The lines were dark, delicate, beautiful. The perfect showpiece for any collector.
‘Think you could fix my tattoo?’ I took off my coat.
‘What you got?’ Tony raised his chin, giving me permission to remove my shirt and approach.
As the portrait of Bukowski came into view, tony set down his machine. He stood, tinier than I’d imagined, a delicate creature with small shoes, khaki pants, and gang signs tattooed across his face.
‘When did you get this?’ His trained eyes swept over the piece.
‘Two days ago.’
‘It’s good work,’ Tony was gentle and quiet. He touched my arm with delicate fingers, ‘It’s healing fast.’
‘Holy shit!’ Two girls stopped to admire my exposed arm.
‘That’s fantastic!’ Said the taller of the two.
‘I hate it,’ regret cut through.
‘Why?’ Asked the spunky one.
‘He outlined the areas of color,’ I pointed to each place where Ping had failed to live up to the expectations in my head. ‘He added shadows where there shouldn’t be shadows. I told him to improvise, to take my design and make it his own, but I didn’t-’
‘-This is your design!?’ Asked the taller girl.
‘You can paint!?’ Asked the spunky one.
‘It’s good work,’ said tony.
‘That’s so cool that you can paint!’ The spunky girl took a drink of her alcoholic beverage.
‘You should be proud,’ the tall one came closer, admiring the details, ‘your artwork is on your body.’
‘No,’ I shook my head, ‘my tattoo artist’s artwork is on my body.’ Anger came bubbling to the surface, each word snapping, cold like the wind.
‘He can’t do your work,’ Tony looked up at me, ‘he can only do his.’
And then it hit me.
I’d been treating Ping like a puppet, telling him what to do, directing him, just like my idiot clients in my previous life as a graphic designer.
I told him what to do, then got mad when he did it. And now? I was assassinating him behind his back- to his colleagues.
I was the monster I’d been sent to destroy
I looked at my hands,
I looked at the world
I looked at my hands
But in a new way.
‘I guess I should shut the fuck up,’ something inside died, some vestige of an older self. Another remnant of fear annihilated.
‘I’d give anything to have that piece,’ said the tall one.
I put my shirt back on, suddenly proud of my tattoo.
• • •
‘Third place, for best back piece:’ the announcer squawked over the intercom. Five thousand visitors paused to listen, ‘Ping Chum!’
Third place. Ping would be devastated. Still, congratulations were in order. With a grunt, I stood and began the 10 minute obstacle course to pass security.
‘Now,’ the announcer continued over the intercom, ‘I can’t believe I have to say this again, ‘but you are not allowed to wash your new tattoos in the bathroom sinks! That’s fucking disgusting!’
All around the convention center boos, hisses, and cat calls rose from the crowd.
‘Your tattoo is effectively an open wound, you stupid pieces of shit!’ The announcer kept talking. Good-hearted laughter erupted from the crowd. I took off my coat and let inspectors search my bag for weapons.
‘If you wash your open wound in a shitty bathroom sink, you run the risk of contaminating the area. You might infect yourself or someone else!’ He was really riled up this time. It was almost as if someone had engaged in the behavior he was ranting about.
No one had, of course. His speech was informational, a public service announcement to first-timers. I had been in the bathroom a lot that weekend, chronsing the shit out of any number of porcelain thrones. It was the hamburgers that set me off, the stupid fucking hamburgers. After 98 trips to the bathroom, I realized no one was actually rinsing new tattoos in the sinks. The thrice-daily announcements were a warning, not a newscast of recent violations. The announcer’s words were harsh, but his intent was kind. This was love in the curse-laden language of the marginalized.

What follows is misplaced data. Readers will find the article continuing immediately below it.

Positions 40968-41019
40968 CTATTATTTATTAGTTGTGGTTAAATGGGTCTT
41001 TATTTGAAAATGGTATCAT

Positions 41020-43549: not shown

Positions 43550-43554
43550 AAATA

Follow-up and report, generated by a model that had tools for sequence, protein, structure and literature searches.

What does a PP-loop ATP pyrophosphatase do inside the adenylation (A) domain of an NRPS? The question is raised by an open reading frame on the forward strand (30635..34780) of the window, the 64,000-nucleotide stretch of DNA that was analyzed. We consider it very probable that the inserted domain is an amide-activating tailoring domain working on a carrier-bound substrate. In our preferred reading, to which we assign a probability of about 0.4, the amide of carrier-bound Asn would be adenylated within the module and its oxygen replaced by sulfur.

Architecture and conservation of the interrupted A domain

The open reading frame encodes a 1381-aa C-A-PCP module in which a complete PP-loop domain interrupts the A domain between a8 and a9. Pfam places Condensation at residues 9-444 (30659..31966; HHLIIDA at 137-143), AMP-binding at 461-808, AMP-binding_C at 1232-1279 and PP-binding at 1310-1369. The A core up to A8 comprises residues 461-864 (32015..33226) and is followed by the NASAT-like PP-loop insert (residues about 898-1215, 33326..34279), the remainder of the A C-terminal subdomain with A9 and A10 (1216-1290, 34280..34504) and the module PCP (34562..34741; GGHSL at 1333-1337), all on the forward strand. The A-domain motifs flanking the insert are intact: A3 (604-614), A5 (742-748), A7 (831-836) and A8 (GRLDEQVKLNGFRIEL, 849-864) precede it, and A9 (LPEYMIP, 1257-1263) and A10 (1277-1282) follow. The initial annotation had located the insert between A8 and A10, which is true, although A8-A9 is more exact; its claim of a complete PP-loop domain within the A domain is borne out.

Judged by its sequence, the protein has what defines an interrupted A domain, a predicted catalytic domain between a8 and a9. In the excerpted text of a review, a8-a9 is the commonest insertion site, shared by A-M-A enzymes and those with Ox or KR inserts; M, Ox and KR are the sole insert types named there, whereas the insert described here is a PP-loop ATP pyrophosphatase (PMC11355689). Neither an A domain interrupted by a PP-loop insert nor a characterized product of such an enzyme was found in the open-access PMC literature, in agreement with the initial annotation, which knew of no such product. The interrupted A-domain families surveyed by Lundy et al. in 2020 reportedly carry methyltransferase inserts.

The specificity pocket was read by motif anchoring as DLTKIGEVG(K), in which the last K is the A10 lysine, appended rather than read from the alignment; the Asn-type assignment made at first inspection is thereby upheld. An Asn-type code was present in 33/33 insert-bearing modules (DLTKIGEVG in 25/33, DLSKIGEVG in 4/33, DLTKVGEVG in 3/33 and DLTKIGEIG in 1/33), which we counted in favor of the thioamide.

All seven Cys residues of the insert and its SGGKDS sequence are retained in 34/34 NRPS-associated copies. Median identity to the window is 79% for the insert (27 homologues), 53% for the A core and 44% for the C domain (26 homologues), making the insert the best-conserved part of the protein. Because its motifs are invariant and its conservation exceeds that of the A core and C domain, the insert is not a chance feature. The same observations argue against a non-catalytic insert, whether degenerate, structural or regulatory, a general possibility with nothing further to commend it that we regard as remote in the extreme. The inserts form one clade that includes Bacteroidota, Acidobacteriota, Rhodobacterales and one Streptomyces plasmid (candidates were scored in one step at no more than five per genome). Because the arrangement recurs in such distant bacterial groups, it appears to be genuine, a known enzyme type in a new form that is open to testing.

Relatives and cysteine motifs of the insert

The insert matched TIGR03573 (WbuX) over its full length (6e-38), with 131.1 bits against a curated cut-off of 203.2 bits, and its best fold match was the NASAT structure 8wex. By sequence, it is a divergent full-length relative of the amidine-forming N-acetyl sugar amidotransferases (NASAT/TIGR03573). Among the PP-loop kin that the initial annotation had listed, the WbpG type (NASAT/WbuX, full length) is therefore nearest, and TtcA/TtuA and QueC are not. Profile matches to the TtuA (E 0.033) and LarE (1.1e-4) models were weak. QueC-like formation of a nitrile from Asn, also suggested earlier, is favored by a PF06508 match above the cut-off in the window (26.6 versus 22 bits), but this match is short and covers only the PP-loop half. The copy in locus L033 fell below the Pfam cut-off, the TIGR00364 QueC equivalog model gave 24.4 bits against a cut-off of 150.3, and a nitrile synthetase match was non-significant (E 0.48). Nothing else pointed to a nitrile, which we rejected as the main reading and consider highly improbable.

‘So keep ‘em clean, but don’t clean them here, you filthy fucks,’ the announcer finished his rant. The crowd applauded itself. Everyone was glad. The children had been warned.
‘Second place, for best back piece,’ the announcer returned to his listings. I waited in line at the ticket check.
Ping took second the last time he’d competed at this convention. His failure haunted him. He had returned for revenge, to prove that his honor had been slighted. And now, the back piece he’d been working on for over a year barely placed. I was proud of him, but I knew he would be disappointed.
‘Second place, for best shoulder or half sleeve…’ The announcer continued. I no longer cared. We’d come. We’d tried as hard as we could. It didn’t work. Sometimes you get a trophy, sometimes you eat hamburgers and go home ashamed.
I pushed through the glut of newly admitted tourists. They dispersed into the center of the room, fresh and full of wonder.
‘First place,’ the angry-but-amenable MC continued reading from his list, ‘for a shoulder piece or half sleeve,’ I dodged a giant drunk guy, ‘Ping Chum!’
I dropped my bag. My mouth fell open. I picked the bag back up. I ran forward, pushing my way through the crowd, smiling big.
‘You did it!’ I shouted as I rounded the corner, breathless.
‘Told you,’ Ping winked, holding a pile of trophies, plaques, and loot. The freshly-tattooed Thai gorilla stood beside him, grinning like a yeti. ‘I just needed my noodle.’
• • •
The ride home was glorious, each of us beaming, satellite moons reflecting the light of our valiant star.
‘Civilization!’ I cried as Manhattan came into view. New york, that jagged line of crumbling teeth, bloody with lights, laughing at the face of god; buildings and bridges piled one on top of the other, each believing itself a king, each searching for the spotlight.
‘Gonna eat so much noodle,’ Ping changed the volume of the music slightly with one practiced hand.
The Thai gorilla said something to Ping in their native tongue. Ping answered. Both of them chuckled.
The laughter spread, filling the car. Triumphant, we crossed the Washington Bridge, each of us a legend in his own mind.